Historical Social Research

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Claire Judde de Larivière & Georges Hanne, Occupational Naming Conventions: Historicity, Actors, Interactions [Abstract]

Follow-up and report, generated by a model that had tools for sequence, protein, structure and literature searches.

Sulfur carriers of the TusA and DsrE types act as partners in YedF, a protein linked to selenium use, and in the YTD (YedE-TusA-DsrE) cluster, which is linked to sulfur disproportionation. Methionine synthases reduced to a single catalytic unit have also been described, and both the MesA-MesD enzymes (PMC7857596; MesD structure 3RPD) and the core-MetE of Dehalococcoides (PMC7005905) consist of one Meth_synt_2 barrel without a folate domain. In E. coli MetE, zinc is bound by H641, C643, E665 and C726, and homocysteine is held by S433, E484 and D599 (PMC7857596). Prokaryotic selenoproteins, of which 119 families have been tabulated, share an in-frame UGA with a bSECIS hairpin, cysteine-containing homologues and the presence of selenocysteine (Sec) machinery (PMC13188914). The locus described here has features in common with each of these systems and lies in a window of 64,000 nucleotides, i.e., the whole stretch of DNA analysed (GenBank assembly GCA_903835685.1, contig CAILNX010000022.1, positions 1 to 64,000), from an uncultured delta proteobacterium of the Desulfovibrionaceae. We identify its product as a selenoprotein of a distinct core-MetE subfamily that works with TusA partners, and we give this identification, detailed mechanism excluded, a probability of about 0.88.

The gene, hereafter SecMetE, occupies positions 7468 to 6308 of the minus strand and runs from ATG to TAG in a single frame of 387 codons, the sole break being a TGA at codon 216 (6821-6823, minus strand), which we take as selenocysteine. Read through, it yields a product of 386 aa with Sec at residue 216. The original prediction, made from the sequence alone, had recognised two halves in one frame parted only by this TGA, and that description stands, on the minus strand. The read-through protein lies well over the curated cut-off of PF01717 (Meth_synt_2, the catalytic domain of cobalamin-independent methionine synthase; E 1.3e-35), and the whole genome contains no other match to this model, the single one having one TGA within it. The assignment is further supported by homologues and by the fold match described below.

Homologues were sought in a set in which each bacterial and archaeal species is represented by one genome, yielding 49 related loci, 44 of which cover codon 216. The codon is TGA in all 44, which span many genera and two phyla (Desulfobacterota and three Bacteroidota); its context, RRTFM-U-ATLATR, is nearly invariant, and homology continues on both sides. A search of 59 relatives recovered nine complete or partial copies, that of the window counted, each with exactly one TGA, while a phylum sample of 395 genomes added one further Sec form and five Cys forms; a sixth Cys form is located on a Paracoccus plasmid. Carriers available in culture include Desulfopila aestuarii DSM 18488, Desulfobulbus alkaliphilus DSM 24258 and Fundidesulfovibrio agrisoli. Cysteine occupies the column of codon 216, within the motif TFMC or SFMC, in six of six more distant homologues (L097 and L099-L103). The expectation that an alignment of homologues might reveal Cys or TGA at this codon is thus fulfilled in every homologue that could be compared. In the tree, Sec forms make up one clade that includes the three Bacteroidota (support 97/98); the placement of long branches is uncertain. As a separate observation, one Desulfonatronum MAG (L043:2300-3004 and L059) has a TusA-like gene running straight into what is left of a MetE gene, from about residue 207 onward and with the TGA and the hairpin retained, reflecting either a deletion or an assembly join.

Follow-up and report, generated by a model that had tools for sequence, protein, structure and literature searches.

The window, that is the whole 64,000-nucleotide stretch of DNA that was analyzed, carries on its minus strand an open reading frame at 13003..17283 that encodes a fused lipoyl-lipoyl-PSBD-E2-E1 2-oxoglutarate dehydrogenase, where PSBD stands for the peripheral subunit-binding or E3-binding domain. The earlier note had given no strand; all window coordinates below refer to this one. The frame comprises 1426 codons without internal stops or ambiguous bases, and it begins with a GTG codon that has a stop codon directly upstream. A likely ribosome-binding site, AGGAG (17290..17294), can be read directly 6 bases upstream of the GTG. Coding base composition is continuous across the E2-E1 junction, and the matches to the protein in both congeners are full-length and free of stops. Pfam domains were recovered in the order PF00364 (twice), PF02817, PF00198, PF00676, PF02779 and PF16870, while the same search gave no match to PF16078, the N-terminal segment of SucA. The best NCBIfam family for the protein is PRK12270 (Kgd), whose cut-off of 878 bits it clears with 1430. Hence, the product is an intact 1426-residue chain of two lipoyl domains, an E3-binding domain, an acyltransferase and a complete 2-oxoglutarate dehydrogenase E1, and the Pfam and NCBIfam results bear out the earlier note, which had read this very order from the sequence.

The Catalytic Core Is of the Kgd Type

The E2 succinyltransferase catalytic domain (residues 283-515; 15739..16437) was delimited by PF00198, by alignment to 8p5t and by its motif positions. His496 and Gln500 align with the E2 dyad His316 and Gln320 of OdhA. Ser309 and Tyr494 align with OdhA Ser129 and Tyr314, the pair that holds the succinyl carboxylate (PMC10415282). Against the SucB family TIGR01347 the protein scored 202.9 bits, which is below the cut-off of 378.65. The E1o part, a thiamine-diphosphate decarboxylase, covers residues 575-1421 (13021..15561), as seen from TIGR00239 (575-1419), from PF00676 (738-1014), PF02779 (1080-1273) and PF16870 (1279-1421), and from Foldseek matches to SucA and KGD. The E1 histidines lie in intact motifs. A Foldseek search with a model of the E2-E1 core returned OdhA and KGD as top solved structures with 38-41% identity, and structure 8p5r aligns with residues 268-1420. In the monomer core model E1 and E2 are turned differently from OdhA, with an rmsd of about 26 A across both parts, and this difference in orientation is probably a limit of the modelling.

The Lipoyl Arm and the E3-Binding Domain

Since the Middle Ages, governments have been using occupational titles and categories as some of the main criteria for the identification of individuals. Resulting from a complex interaction between endogenous categories created by the actors in the naming process and exogenous categories developed by public authorities, occupational titles and socio-occupational categories and designations are the product of negotiations, conventions and agreements between various actors. Therefore, it appears that as part of a pragmatic approach towards the development of socio-occupational designations, it would be pertinent for historians to apply the theories of the ‘économie des conventions’. Doing so, this paper seeks to approach the issue of the historicity of occupational naming by considering the building of the state, followed by the role and autonomy of various actors in naming processes, and finally the way in which occupational registration and categorisation influenced the social prestige and ‘grandeur’ of those concerned in the creation and transformation of linguistic conventions.